Overheard saying: “Ooooh, don’t you just looooove the holidays? Hee-hee!”
Why she's annoying: Unless you inherit royalties from Three Dog Night, joy to the world is seriously overrated.
How to cope: Hum “We Wish You a Merry Christmas” whenever she’s around.
I’d worked in an office for a year and half at that point, so these jokes may be more borne out of a sitcom understanding of office culture. Is it any wonder that a year later I was working on television sitcoms?
5. CAROL O'CONNOR
Motivation: Likes to sing, sing a song, sing it strong, all night long.
Identifying characteristics: Knows all the words to every carol, no matter how obscure — including the complete German to “O Tannenbaum” and the outlawed sixth verse to “Jingle Bells.”
Overheard saying: “Ah-one, ah-two, ah-one-two-three-four — everybody! — DASHING THROUGH THE SNOW!”
Why she's annoying: The songs get stuck in your head until sometime around St. Patrick’s Day.
How to cope: Play Run-DMC’s "Christmas in Hollis."
Say, that was last week’s jam of the week! Hard to come by in 1998, especially if you had no use for the rest of A Very Special Christmas (raising hand). I eventually found it on a British greatest hits album at a used CD shop. File this under: Problems Solved by Spotify.
7. GEORGY PORGY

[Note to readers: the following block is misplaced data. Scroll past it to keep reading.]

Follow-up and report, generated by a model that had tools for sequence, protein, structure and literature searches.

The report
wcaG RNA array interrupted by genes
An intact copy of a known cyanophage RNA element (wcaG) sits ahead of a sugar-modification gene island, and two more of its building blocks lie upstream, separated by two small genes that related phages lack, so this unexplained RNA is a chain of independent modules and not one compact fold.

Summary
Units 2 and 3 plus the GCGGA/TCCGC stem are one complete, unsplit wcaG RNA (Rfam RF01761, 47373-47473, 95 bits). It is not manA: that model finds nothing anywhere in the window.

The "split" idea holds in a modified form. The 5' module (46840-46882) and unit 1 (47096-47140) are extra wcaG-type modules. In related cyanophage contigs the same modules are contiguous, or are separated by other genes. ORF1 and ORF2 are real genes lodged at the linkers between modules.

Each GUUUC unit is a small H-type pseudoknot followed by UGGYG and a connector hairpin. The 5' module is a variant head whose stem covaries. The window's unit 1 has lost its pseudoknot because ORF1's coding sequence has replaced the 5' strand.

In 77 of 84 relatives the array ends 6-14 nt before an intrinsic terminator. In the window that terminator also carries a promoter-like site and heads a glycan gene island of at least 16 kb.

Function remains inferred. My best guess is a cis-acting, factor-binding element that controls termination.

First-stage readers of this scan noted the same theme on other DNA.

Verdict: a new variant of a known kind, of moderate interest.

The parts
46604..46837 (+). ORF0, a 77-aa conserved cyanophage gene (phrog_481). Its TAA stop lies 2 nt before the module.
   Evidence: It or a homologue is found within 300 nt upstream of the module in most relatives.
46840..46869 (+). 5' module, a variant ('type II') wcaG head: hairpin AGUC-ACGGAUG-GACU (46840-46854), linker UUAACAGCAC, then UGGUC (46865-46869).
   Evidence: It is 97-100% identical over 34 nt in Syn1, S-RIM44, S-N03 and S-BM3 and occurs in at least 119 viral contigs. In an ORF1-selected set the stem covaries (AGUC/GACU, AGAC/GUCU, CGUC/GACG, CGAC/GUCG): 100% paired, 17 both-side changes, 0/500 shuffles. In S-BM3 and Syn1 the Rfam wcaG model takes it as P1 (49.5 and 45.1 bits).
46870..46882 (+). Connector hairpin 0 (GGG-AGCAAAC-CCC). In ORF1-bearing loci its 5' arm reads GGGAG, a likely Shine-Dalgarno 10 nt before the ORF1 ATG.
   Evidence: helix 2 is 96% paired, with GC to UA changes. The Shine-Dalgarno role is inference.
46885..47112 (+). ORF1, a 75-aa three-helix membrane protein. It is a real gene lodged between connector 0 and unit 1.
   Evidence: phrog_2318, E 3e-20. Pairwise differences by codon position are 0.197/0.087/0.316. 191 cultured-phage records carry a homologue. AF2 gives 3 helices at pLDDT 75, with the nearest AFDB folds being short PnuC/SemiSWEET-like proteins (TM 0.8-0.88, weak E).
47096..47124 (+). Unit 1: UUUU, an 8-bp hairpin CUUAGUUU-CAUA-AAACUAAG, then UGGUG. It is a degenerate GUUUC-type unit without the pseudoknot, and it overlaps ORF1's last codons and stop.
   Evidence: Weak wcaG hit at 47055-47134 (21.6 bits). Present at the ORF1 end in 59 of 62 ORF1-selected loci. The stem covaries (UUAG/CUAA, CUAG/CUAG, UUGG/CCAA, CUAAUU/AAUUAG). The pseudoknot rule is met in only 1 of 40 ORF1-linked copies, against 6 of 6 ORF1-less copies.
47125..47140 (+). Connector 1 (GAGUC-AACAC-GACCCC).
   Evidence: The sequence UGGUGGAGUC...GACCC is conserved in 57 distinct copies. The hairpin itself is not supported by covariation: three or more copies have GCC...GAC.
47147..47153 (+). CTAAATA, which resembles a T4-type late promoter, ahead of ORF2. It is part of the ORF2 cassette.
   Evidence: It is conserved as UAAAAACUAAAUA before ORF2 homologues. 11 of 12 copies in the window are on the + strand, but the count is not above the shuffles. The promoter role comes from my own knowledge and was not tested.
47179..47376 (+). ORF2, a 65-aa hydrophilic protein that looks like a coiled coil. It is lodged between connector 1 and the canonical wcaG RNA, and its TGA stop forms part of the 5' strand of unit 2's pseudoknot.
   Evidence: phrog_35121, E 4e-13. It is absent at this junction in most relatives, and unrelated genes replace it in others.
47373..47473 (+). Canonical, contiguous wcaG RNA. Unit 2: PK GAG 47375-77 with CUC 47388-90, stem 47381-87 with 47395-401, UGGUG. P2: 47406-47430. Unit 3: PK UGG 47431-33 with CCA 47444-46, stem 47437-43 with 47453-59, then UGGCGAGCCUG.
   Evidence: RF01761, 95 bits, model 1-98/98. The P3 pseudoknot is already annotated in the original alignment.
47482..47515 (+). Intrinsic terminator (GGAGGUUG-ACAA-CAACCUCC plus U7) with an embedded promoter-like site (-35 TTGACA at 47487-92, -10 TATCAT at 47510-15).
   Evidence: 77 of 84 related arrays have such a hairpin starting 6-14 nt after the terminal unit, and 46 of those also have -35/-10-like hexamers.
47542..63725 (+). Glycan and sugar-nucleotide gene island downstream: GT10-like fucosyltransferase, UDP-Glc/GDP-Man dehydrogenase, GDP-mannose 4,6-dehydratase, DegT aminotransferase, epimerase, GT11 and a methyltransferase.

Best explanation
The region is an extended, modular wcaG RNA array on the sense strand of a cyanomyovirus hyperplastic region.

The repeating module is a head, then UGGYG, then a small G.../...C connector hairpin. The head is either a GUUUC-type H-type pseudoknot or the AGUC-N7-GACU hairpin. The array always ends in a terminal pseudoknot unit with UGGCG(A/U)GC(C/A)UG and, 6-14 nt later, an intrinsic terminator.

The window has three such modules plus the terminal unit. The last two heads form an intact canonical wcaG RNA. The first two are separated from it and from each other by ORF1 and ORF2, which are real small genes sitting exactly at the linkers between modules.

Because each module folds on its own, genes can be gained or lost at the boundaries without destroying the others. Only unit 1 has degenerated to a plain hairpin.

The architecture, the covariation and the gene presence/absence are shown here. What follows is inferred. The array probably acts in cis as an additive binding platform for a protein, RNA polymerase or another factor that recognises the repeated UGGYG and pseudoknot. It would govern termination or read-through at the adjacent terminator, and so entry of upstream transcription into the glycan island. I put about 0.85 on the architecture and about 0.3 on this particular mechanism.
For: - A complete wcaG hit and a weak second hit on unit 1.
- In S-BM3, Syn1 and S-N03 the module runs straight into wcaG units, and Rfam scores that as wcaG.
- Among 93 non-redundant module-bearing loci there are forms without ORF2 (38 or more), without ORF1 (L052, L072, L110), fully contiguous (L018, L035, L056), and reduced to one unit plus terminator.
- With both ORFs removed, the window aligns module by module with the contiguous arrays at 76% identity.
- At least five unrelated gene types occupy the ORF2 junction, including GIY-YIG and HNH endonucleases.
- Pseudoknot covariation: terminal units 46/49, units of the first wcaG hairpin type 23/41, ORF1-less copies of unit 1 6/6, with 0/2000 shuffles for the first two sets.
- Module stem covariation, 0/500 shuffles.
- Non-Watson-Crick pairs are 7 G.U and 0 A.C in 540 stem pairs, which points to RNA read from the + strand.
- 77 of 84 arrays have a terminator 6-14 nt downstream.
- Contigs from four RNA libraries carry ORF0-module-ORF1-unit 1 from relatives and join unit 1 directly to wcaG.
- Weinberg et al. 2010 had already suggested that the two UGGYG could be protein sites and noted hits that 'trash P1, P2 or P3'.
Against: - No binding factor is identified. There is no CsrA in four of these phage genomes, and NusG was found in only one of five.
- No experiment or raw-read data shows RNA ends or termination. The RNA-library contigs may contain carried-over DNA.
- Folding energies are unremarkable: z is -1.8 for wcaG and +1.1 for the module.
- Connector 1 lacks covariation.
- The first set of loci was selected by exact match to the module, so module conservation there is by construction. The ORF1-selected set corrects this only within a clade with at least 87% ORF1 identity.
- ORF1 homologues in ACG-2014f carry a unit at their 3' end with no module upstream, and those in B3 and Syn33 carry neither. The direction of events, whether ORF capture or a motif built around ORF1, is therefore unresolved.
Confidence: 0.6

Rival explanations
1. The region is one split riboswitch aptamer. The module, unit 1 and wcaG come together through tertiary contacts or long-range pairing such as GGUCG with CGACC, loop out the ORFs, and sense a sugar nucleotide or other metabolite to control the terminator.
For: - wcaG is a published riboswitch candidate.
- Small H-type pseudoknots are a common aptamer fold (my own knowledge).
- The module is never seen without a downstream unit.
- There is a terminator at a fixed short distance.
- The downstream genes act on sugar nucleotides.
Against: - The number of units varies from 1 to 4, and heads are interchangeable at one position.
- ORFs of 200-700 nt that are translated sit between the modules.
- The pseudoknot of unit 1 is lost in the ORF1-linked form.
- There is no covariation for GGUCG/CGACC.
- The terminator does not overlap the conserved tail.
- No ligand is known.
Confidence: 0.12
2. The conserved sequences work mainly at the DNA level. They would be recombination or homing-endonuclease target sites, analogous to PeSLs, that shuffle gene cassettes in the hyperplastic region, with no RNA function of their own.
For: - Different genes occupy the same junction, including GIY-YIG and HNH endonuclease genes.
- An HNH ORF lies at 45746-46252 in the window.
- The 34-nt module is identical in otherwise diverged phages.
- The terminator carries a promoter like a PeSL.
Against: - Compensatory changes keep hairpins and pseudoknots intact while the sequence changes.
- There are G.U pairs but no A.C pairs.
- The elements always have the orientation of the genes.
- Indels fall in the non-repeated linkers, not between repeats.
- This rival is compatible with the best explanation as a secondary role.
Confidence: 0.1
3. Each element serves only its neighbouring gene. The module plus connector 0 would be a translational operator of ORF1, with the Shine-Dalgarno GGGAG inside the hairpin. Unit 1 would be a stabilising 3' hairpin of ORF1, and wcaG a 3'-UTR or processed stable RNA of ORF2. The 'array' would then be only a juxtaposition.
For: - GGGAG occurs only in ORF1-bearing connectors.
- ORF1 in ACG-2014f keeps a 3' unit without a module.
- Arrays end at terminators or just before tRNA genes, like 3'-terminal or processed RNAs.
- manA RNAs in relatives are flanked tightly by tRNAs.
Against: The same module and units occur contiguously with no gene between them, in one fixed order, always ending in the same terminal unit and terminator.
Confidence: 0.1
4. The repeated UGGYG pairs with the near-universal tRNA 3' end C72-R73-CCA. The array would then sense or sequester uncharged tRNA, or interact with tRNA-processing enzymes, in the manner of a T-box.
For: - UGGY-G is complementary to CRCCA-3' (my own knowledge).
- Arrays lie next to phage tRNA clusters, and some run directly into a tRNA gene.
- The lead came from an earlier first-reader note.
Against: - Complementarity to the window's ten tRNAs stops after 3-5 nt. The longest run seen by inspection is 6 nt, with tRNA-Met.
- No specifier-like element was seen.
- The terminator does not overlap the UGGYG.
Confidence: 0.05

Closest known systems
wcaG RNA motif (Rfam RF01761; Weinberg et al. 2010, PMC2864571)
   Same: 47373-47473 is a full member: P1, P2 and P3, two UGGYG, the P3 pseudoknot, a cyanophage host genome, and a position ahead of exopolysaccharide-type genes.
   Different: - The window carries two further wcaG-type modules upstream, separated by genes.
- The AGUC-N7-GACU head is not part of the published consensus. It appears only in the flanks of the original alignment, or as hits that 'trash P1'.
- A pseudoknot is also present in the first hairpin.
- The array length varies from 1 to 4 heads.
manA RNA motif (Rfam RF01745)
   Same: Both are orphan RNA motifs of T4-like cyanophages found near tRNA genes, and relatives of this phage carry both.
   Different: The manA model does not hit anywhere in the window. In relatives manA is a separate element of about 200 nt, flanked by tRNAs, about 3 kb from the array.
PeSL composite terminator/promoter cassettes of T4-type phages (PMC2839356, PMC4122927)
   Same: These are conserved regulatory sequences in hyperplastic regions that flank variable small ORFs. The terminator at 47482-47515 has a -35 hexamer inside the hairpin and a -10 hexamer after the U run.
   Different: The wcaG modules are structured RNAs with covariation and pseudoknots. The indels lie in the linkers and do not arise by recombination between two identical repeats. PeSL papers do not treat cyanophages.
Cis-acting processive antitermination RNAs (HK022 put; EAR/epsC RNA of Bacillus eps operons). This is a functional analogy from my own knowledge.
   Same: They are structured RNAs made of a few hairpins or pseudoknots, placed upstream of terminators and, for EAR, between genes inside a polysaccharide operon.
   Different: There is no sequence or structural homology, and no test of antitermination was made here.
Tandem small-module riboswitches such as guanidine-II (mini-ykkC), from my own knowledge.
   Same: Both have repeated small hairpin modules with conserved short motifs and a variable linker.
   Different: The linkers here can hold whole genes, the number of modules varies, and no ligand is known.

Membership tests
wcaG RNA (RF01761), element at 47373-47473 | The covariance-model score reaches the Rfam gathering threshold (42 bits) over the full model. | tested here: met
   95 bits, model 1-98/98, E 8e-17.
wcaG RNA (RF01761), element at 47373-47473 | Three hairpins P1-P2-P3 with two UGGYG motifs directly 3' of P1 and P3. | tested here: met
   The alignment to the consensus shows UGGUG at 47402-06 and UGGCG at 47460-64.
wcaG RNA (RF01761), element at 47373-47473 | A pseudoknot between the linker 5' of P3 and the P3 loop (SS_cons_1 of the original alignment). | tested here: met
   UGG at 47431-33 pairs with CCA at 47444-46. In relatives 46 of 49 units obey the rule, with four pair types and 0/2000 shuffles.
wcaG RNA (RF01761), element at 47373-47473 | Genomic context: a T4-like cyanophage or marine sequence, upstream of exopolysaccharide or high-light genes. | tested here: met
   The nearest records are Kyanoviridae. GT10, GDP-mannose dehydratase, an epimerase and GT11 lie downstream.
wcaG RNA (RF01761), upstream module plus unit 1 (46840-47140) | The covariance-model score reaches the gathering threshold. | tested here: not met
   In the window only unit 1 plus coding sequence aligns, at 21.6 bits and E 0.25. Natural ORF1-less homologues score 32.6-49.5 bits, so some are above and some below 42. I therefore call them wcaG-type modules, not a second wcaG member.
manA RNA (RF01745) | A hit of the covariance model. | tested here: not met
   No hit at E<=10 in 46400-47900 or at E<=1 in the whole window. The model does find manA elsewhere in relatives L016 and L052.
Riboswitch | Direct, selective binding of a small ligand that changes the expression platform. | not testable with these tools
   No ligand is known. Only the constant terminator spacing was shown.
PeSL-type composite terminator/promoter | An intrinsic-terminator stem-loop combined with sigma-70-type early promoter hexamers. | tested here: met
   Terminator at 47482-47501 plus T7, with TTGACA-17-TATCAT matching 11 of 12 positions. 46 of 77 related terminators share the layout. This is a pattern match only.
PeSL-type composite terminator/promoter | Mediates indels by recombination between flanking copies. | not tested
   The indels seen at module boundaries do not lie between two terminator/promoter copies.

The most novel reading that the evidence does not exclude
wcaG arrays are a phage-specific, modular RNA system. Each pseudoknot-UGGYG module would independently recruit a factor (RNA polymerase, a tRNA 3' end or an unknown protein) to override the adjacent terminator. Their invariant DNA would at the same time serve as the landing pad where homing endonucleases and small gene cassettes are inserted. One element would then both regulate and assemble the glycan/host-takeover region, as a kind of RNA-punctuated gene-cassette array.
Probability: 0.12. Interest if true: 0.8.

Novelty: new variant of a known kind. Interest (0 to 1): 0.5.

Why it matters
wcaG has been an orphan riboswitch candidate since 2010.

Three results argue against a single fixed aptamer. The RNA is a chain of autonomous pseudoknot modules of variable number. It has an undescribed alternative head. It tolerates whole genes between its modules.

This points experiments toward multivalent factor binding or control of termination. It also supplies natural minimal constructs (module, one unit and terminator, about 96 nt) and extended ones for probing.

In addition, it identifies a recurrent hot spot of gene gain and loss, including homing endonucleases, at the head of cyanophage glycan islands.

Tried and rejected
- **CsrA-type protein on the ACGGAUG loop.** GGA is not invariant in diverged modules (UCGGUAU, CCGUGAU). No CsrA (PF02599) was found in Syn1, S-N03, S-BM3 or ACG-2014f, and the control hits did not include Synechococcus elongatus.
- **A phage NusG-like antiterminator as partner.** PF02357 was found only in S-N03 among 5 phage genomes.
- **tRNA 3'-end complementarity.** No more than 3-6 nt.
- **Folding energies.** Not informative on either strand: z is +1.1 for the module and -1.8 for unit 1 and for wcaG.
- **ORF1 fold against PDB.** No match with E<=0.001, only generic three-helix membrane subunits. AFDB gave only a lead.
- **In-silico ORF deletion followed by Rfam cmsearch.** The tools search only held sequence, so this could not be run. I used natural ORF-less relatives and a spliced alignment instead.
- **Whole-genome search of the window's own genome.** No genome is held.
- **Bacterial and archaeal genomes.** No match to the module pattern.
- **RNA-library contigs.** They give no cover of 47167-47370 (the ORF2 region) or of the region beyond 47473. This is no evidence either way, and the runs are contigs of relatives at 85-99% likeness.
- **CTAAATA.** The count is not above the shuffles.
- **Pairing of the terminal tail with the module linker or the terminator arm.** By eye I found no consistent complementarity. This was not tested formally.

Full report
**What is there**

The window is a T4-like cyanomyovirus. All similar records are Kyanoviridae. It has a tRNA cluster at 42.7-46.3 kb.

Motivation: Uses mistletoe as an excuse to get some.
Identifying characteristics: Crazed look in his eye, mistletoe hat, candy cane-flavored lip balm, libido so fiery he melts snowmen with a simple leer.
Overheard saying: “Hey, baby, is that mistletoe over your head or am I just sexually harassing you?”
Why he's annoying: Thinks everyone’s a ho ho ho.
How to cope: Who wants new garlic-flavored Trident? You do, you do.
I first heard the word “libido” when Young MC was asked to be Larry’s best man: “You say neato, check your libido, and roll to the church in your new tuxedo.” Using context clues, I assumed a libido was brand of day-planner. “Wow, I’m touched. Let me see… yup, according to my Libido I’m free that day. Neato.”
A lot of not great jokes, and I detect a strong MAD Magazine influence (didn’t I say I ended up working in sitcoms?). I’ll spare you the guy who thinks fruitcake jokes are funny and the holiday drunk I named Jack Frost-Daniels: “Dah, silver bells — hic — jingle bells — hic — dah, bell-bottom bells… I'm gonna be sick.” We’ll cut to my signature move: The self-deprecating finale.
12. CYNICAL SAM
Motivation: Complains about various holiday personalities.
Identifying characteristics: Writes long lists full of smarmy jokes at the expense of those with true holiday spirit.
Overheard saying: "Just use this simple guide to dealing with the 12 Pains of Christmas."
Why he's annoying: Mercilessly rips on semi-obvious stereotypes, thinks he's funnier than he really is.
How to cope: Read the Improper, baby.
The Improper Bostonian was the ostensible rival of the Boston Phoenix, both publications are long gone artifacts of another era. Oh, and that last illustration with the typewriter guy is for Cynical Sam, so when I met Tony Millionaire at a comic book signing, I had him sign my printout and he wrote, “I’m supposed to be me!” next to it. Hanging in my office/Dancave at home.